Ankara: Finnish PM Hails Turkey For Initiatives

Reeta Paakkinen

Hurriyet Daily News
Thursday, October 8, 2009

The European Union is likely to welcome Turkey’s normalization talks
with Armenia and its recent democratic initiative, says the Finnish
prime minister, hailing these steps as positive signs. I believe this
will be positively received at the EU, Matti Vanhanen says Finnish
PM hails Turkey for initiatives

Turkey’s democratic initiative and its ongoing normalization talks
with neighboring Armenia are particularly positive signals, Finland’s
Prime Minister Matti Vanhanen said.

Speaking to Hurriyet Daily News & Economic Review on Tuesday,
Vanhanen said the initiatives were likely to be welcomed by the
European Union. Turkey has three main problems with an international
dimension, Vanhanen said. "One of these is the Kurdish question,
another is the relations with Armenia and the third one, the Cyprus
issue. Out of these three, there has been notable progress in two
within a short period of time.

"I believe this will be positively received at the European
Union. Hopefully the agreement with Armenia will be signed," Vanhanen
told the Daily News in an exclusive interview.

Turkey and Armenia are expected to sign a protocol establishing
diplomatic ties between the two countries this weekend. Vanhanen was
in Turkey on Tuesday on a one-day visit with a delegation of eight
Finnish companies. During the visit, he signed a double taxation
agreement between Finland and Turkey and met with President Abdullah
Gul and Prime Minister Recep Tayyip Erdogan.

Faster EU talks

Vanhanen said negotiations on Turkey’s membership in the EU could be
faster. "So far, the practice has been to open one negotiation chapter
per EU presidency, but the pace could be speeded up," Vanhanen said,
and reminded that although some parts of the European public and
decision-makers are opposing Turkey’s full membership in the EU, the
union has unilaterally decided to negotiate on a full membership. "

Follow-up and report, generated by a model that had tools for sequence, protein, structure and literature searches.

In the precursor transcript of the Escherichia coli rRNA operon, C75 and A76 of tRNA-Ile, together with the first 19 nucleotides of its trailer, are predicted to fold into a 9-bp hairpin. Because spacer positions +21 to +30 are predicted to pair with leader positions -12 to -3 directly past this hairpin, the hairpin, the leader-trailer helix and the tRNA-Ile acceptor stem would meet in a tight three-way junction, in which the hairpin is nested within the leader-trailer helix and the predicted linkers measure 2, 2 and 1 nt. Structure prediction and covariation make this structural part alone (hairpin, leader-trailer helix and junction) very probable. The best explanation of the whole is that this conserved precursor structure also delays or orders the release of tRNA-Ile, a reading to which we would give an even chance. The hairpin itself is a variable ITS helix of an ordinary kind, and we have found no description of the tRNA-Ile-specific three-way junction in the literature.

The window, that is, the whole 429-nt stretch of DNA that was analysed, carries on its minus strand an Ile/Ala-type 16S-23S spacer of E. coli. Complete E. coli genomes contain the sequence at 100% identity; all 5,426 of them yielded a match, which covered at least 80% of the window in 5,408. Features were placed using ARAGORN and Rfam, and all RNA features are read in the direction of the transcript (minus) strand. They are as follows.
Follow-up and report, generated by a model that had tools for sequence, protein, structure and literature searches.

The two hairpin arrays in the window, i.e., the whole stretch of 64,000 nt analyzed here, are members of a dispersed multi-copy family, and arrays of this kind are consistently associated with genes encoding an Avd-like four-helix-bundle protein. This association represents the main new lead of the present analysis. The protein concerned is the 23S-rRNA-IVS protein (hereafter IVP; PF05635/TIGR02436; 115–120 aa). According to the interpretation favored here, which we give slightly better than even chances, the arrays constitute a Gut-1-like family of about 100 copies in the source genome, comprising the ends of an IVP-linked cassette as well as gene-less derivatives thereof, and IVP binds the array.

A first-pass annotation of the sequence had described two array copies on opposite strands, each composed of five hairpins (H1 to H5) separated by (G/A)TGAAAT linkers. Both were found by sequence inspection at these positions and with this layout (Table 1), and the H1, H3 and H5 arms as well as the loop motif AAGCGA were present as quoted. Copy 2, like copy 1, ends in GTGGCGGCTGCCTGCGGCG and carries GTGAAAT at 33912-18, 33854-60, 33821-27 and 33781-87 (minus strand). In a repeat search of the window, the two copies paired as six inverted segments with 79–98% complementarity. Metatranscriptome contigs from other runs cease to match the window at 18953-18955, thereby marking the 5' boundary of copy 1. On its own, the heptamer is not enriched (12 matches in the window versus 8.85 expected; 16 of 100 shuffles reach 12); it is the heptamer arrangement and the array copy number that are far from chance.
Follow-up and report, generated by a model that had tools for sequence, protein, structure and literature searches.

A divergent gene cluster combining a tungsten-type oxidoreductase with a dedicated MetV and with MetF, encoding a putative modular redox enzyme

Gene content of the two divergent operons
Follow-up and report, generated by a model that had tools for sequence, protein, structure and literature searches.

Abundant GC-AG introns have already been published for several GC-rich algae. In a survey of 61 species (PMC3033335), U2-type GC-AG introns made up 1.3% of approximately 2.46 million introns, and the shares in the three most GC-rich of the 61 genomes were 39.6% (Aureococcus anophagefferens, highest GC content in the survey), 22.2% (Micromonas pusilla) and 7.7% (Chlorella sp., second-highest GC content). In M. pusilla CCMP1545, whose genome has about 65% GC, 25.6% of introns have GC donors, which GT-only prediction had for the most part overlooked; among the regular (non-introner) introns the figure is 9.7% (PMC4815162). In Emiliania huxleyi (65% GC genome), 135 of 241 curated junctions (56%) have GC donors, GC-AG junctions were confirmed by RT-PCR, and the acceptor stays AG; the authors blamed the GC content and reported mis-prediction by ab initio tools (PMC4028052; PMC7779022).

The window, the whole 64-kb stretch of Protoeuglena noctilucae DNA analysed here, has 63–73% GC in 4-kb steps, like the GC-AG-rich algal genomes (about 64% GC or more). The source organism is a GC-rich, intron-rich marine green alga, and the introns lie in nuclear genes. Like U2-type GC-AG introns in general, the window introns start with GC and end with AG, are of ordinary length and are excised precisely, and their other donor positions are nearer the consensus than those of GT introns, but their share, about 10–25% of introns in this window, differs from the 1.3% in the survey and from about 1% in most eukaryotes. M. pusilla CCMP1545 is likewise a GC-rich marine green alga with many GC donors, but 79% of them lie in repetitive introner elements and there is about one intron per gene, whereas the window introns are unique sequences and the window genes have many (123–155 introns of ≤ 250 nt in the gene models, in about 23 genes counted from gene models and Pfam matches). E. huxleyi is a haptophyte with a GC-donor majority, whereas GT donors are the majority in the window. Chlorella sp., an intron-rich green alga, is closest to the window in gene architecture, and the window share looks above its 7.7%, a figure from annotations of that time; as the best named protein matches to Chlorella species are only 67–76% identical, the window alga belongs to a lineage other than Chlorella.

t even some leaders have made pretty skeptical statements about
Turkey’s future in the EU. But it is important to remember that
no official decisions on this have been made. The union has made a
unilateral agreement that Turkey is a candidate for full membership
and not any semi-status. The EU will keep its word," Vanhanen said.

On the other hand, Turkey also needs to keep its promises and
continue with the reform process. The first step Turkey should now
take, said Vanhanen, is to ratify the Ankara Protocol and open its
harbors to Greek Cypriot vessels. So far Turkey has not implemented
the protocol, preferring to see the issue of free movement as a part
of a comprehensive settlement on the divided island.

"Traffic is an important part of the EU entity, there cannot be
an exception in the case of Cyprus. Turkey should ratify the Ankara
Protocol and thus prepare the grounds for a comprehensive settlement on
the island because that needs to be resolved as well," Vanhanen said.

On the question of what Finland, as an EU member state, is doing to end
the political and economic isolation of Turkish Cypriots as promised
by the EU in 2004, Vanhanen, could not give concrete or practical
examples. "Finland is prepared to help [Turkish Cypriots] in the
negotiation process in all ways, and also the Turkish [side] knows
this," Vanhanen said. "When Finland held the EU presidency in 2006,
I worked a lot on this issue and learned how difficult the [Cyprus]
question is. Hopefully the United Nations-sponsored negotiations that
are now going on succeed," Vanhanen said.

Boosting trade relations

One of the purposes of Vanhanen’s one-day visit to Turkey was also to
promote closer trade relations between Finland and Turkey, and sign
a tax treaty between the two countries. Trade volume between Turkey
and Finland currently stands at 1 billion euros. "The tax treaty
now signed prevents [all forms of] double taxation, representing an
important step in bilateral relations. I hope that we will also soon
sign an investme s naturally affecting the investment appetite of
Finnish firms in Turkey," Vanhanen said.

Finnish firms are particularly interested in Turkey, not only because
of the country’s growth potential but also because of its growing role
in the region, Vanhanen said. "Whenever we inquire local businesses
where they would like to have a prime ministerial visit combined
with the presence of a business delegation, Turkey is always on the
top of the list. There is notable interest in Turkey among Finnish
business circles."